Science 3 min read

Fix Earth, Instead of Looking for a Planet B!

Fix Earth! An exoplanet scientist thinks it’s both irresponsible and vain to seek escape from Earth instead of fixing climate change.

Dotted Yeti / Shutterstock.com

Dotted Yeti / Shutterstock.com

You’d think that astronomers, whose job is to discover and study alien worlds, would be excited about the idea of leaving our planet. Maybe they would be but don’t count Didier Queloz because this scientist believes that our primary focus should be to fix Earth.

A Swiss astronomer, Queloz was among a group of scientists gathered in Stockholm to receive their Nobel prizes. The 2019 Nobel Prize laureates addressed the issue of climate change as the 25th United Nations Climate Conference (COP 25) is taking place in Madrid (Dec 2–13).

Queloz especially takes issue with those who think there’s no reason to fight climate change because we’ll eventually leave our home planet.

Fix Earth! It’s All We’ve Got

As the cradle of humanity, Earth has not just supported our existence but also shaped the way we exist.

According to Queloz, the human species is made to live on Earth and has developed to serve this purpose. Living on another planet may not work for biological and evolutionary reasons — that’s if we could reach it in the first place.

In addition to Queloz, this year’s Nobel physics prize honored two other physicists, James Peebles (½ prize share) and Michel Mayor. Queloz shares the award with Mayor, with ¼ $910,000 each, for discovering an exoplanet orbiting a sun-like star.

The planet in question is none other than 51 Pegasi b, discovered in 1995, the first-ever exoplanet recognized as such.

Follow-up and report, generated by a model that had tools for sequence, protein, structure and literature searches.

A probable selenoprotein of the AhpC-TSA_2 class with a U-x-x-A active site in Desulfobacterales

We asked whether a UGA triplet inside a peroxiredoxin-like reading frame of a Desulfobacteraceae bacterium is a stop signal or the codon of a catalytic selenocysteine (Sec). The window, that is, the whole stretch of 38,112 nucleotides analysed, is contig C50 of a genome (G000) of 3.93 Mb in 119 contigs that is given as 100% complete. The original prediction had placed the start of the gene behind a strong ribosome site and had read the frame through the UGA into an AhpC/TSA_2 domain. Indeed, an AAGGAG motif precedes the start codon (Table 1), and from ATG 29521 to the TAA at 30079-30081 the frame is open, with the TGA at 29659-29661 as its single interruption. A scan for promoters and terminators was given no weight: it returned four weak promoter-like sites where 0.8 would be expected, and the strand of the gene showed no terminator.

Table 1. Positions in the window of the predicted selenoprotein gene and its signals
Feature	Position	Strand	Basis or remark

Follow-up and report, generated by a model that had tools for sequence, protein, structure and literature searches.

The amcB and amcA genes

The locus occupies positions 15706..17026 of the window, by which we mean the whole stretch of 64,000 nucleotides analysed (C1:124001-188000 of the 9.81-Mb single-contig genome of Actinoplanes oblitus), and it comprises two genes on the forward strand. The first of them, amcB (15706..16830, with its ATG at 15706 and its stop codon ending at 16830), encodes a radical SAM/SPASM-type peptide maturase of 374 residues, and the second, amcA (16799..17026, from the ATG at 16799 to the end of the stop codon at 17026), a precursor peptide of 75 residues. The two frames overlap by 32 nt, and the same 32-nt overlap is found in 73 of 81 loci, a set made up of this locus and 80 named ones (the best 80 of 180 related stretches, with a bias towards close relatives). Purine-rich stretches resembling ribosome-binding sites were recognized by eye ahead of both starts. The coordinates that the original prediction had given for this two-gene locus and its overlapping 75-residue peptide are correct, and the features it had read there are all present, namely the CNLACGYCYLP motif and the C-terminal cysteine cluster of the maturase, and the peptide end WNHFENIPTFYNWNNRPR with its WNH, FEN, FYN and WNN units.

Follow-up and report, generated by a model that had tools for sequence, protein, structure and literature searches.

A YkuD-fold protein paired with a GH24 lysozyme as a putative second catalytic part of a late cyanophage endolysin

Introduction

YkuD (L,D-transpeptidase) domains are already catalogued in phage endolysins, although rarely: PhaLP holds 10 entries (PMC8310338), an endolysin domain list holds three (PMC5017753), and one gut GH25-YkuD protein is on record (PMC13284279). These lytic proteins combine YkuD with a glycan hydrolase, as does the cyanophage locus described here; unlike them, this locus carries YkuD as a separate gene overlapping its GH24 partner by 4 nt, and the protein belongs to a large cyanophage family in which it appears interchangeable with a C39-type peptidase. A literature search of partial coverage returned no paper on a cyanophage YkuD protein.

The exoplanet hunter, however, describes the idea of escaping our home planet to live elsewhere in the cosmos as “farfetched and unrealistic.” He thinks that prioritizing space exploration over addressing Earth’s urgent issues is a big mistake.

Saturday, at a news conference in Stockholm, Queloz had this to say:

“I think this is just irresponsible because the stars are so far away I think we should not have any serious hope to escape the Earth. Also, keep in mind that we are a species that has evolved and developed for this planet. We’re not built to survive on any other planet than this one. So we better spend our time and energy trying to fix it than trying to imagine that we will … destroy it and leave it.”

Other Nobel Prize laureates, too, were unanimous in calling for an adequate response to climate change.

“If at some point Earth becomes inhabitable, there’s no way to escape. We are linked to this planet.,” said Professor Mayor. “We do not have a plan B. We have to take care of the Earth.”

If your house is a tiny island in a vast ocean, and it’s ablaze, you’d better focus on putting out the fire than on leaving for another island.

But the thing is, climate change isn’t taking a backstage to space exploration because the latter isn’t stealing the show really.

The world isn’t of a single mind when it comes to either option. In other words, we could lose on both fronts for all we know.

Read More: The Sound of Earth During a Solar Storm Will Haunt Your Dreams

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Zayan Guedim

Trilingual poet, investigative journalist, and novelist. Zed loves tackling the big existential questions and all-things quantum.

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